This use of daubs of color within the confined borders of geometric patterns is especially well used in the Death card. Death is a human skull. Swirls of vegetation and the radial symmetry of flowers decorate the skull's surface. Life bursts, inevitably, from death. Most of the skull is black and white. Within a triangle-shaped portion of the skull, the swirls and blossoms burst into pink, gold, and blue. The triangle is often interpreted as symbolizing the female vulva, anatomy associated with generation and new life.

Some of the cards in Thompson's deck have human figures; others are animals. The animals are sometimes naturalistic, and sometimes fanciful. The naturalistic bunny on the ace of pentacles is both accurate and adorable. The nine of wands is a fox nattily attired in seventeenth-century neck ruff and breeches.

The influence of Greco-Roman statuary is evident in The Chariot. A laurel-wreathed human head rises above two horse's heads; all this looks very much like marble carved along classical aesthetics. The World is a shapely nude with the proportions and the coyness of a Varga girl. The queen of pentacles has tattoos. The boatman in the six of swords wears the hat of a Venetian gondolier. The Tower is a pagoda, typical of Asian Buddhist architecture. The five of swords is an armored knight.

Thompson keeps some Judeo-Christian elements. The High Priestess wears Hebrew writing. Traditionally she holds a Torah scroll. The ace of cups includes a traditional Catholic chalice.

The Wheel of Fortune is so serenely composed and colored that just looking at it is soothing. Thompson uses restrained touches of lapis blue, charcoal gray and rust-red. Two exotic birds preen each other over lush blue and white flowers, with the wheel of fortune a circle in the center. It's so well composed, it should be hanging on a wall within a frame.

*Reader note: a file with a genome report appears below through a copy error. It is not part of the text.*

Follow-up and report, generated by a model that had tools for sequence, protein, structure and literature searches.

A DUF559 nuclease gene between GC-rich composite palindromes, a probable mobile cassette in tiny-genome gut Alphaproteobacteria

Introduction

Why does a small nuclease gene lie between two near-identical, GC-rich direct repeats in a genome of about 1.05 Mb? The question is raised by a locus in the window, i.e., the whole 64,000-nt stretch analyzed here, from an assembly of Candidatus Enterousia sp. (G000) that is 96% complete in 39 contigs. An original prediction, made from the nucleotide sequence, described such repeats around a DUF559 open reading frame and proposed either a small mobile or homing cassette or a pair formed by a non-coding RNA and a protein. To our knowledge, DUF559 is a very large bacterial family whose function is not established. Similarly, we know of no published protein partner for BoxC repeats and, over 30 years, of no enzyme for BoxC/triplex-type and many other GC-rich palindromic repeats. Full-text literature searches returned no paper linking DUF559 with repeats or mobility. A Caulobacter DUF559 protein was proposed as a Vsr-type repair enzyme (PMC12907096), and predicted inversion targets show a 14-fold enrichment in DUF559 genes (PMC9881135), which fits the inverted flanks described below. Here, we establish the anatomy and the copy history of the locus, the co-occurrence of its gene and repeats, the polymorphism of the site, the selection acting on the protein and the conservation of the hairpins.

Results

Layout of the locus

A couple of the cards didn't work for me. I'm put off by the three of pentacles, a card representing artistic genius. It's meant to be two ravens, although they don't look much like ravens, and they appear to be spattered in blood. Maybe a better illustration for the five of swords.

I was really curious about the page of pentacles, because she looks, to me, like a lady of the evening. She wears only stockings, a scarf, and a ribbon in her hair. What looks like a man in a dunce cap crouches servilely at her feet. This image is reminiscent of Bruno Szulc's erotica. The companion book did not inform me as to why Thompson chose this image for the page of pentacles. The book does, though, list astrological, numerical, and botanical correspondences for each card. She associates the page of pentacles with the numbers 5 and 68, the dates December 22 through December 28, and the plants cashew, blue flag, and cinnamon.

Card backs are an inkblot in denim blue, grey, and off-white. They are fully reversible.

Thompson says of herself that she was raised Christian, "but as soon as I was old enough to really think" she rejected "the monotheistic God" and connected with "the stars, the planets, and the animals." She "traveled a lot" and adopted an eclectic assortment of beliefs. She acknowledges that "all these things might sound a bit like purple wind chime mumbo-jumbo" but she says that "at its root" tarot is "a cognitive tool much like meditation or talk therapy" and the cards are "beautiful, collectible objects."

Danusha Goska is the author of Save Send Delete

No comments:

Post a Comment